The College of New Jersey recently unveiled a substance-free housing unit dedicated to students in recovery – the only problem – only one person signed up.  The response was less than tepid and not what the organizers had anticipated.  

Christopher Freeman who heads the housing program and joined The College of New Jersey was under the false impression that there was more demand.  The ultimate response on the part of the student body was tepid at best and dismal at worst.  In surveys conducted by Freeman and his staff the results indicated that about 4% – which would’ve amounted to around 280 students expressed interest in the program prior to its roll out.

Addiction in College

The move is part of a broader political plan signed into effect by Governor Chris Christie last year to make it mandatory for Universities in New Jersey to have substance-free housing available for students suffering from addiction and needing a supportive environment to aid in their rehabilitation.  The timeline for all colleges within New Jersey to be onboard is by August 2019.  Only one other University aside from The College of New Jersey has put these measures into effect.  As it stands 4 colleges in New Jersey have yet to begin the process of offering sober living arrangements on their campus.  

New Jersey in particular has been the subject of hot debate surrounding the drug epidemic, especially in regards to the severe opiate and opioid issues afflicting its residents.  In an effort to show some initiative some universities have started to contemplate a strategy to offer more counseling and support resources to students.

In the instance of The College of New Jersey they were awarded a $245,000 five-year grant in 2014 by the the state in an effort to assist the endeavor.  Aside from the new sober living housing arrangements the school has other counseling services and activities for students in recovery to participate.  In the case of the sober housing development it may have just been an issue of premature execution.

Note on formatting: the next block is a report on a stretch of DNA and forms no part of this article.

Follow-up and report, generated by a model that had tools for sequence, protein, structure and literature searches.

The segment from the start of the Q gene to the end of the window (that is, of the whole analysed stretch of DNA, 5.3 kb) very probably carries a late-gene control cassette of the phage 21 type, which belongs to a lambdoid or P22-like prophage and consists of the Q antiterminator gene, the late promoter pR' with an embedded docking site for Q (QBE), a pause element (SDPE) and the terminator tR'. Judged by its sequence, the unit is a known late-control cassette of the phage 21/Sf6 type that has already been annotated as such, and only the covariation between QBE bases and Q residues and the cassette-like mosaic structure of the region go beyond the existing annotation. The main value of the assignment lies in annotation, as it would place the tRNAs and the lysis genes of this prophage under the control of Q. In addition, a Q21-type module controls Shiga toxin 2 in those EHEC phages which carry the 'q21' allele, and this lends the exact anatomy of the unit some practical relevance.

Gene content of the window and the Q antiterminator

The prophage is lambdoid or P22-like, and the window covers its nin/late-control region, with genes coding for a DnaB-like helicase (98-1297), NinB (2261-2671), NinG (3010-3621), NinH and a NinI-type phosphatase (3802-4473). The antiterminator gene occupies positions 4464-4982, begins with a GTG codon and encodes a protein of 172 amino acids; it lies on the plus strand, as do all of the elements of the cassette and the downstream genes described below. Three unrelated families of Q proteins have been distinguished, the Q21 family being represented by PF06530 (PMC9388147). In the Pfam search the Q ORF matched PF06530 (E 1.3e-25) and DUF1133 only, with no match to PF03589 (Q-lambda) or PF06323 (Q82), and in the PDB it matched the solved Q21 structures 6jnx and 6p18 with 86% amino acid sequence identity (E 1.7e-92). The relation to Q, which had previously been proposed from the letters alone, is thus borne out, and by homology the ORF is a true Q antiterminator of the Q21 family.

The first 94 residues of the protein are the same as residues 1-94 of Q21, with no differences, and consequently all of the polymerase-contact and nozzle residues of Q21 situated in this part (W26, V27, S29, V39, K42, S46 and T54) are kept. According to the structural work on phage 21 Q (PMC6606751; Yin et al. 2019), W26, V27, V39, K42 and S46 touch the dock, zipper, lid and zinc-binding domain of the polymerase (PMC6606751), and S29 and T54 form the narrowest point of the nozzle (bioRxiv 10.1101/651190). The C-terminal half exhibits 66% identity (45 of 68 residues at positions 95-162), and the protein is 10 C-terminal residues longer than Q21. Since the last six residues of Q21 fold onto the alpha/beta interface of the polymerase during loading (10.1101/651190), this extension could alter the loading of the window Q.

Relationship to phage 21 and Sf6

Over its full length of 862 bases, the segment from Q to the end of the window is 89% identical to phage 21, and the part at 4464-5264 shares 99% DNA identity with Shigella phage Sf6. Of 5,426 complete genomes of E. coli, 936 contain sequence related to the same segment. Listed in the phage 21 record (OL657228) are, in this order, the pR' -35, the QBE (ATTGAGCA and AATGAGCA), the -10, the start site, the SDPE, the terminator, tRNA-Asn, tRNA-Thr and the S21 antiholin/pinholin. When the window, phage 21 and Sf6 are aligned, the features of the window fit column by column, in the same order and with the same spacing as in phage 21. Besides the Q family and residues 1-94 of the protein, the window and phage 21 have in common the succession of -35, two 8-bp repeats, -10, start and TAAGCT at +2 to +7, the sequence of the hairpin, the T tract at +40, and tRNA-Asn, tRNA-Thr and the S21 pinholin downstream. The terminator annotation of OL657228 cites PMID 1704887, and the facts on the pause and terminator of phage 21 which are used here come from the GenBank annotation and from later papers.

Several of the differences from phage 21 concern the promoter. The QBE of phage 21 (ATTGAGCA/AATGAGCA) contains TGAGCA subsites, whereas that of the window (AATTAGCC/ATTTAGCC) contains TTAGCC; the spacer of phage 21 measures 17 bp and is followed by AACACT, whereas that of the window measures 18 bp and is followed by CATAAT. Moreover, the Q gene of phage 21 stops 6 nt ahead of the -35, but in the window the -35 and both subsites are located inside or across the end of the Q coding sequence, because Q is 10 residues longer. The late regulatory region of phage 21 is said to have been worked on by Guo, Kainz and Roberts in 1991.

Optimistic in the Face of Resistance

Freeman and other members of the sober community on the campus acknowledged the importance of cultivating a sense of community with students within the recovery programs.  It takes foundation set on the precedent of tight-knit support groups among students for sober living housing to truly resonate with college students.  

Despite the disappointing figures Freeman and his team are confident that with a little more effort in raising awareness a sober living housing for students remains a viable option worth continuing to pursue.

Keep Plugging Away
Now that the stigma of addiction is starting to wane slightly and acceptance of addiction as a disease by the public is growing it is the perfect time for programs like this to continue proliferating across the country and abroad.  We need to give every avenue and outlet possible to college students trying to tow the fine line of getting an education while remaining drug free.  If now we will continue to see the surge in overdose deaths and other drug related incidents on campus skyrocket.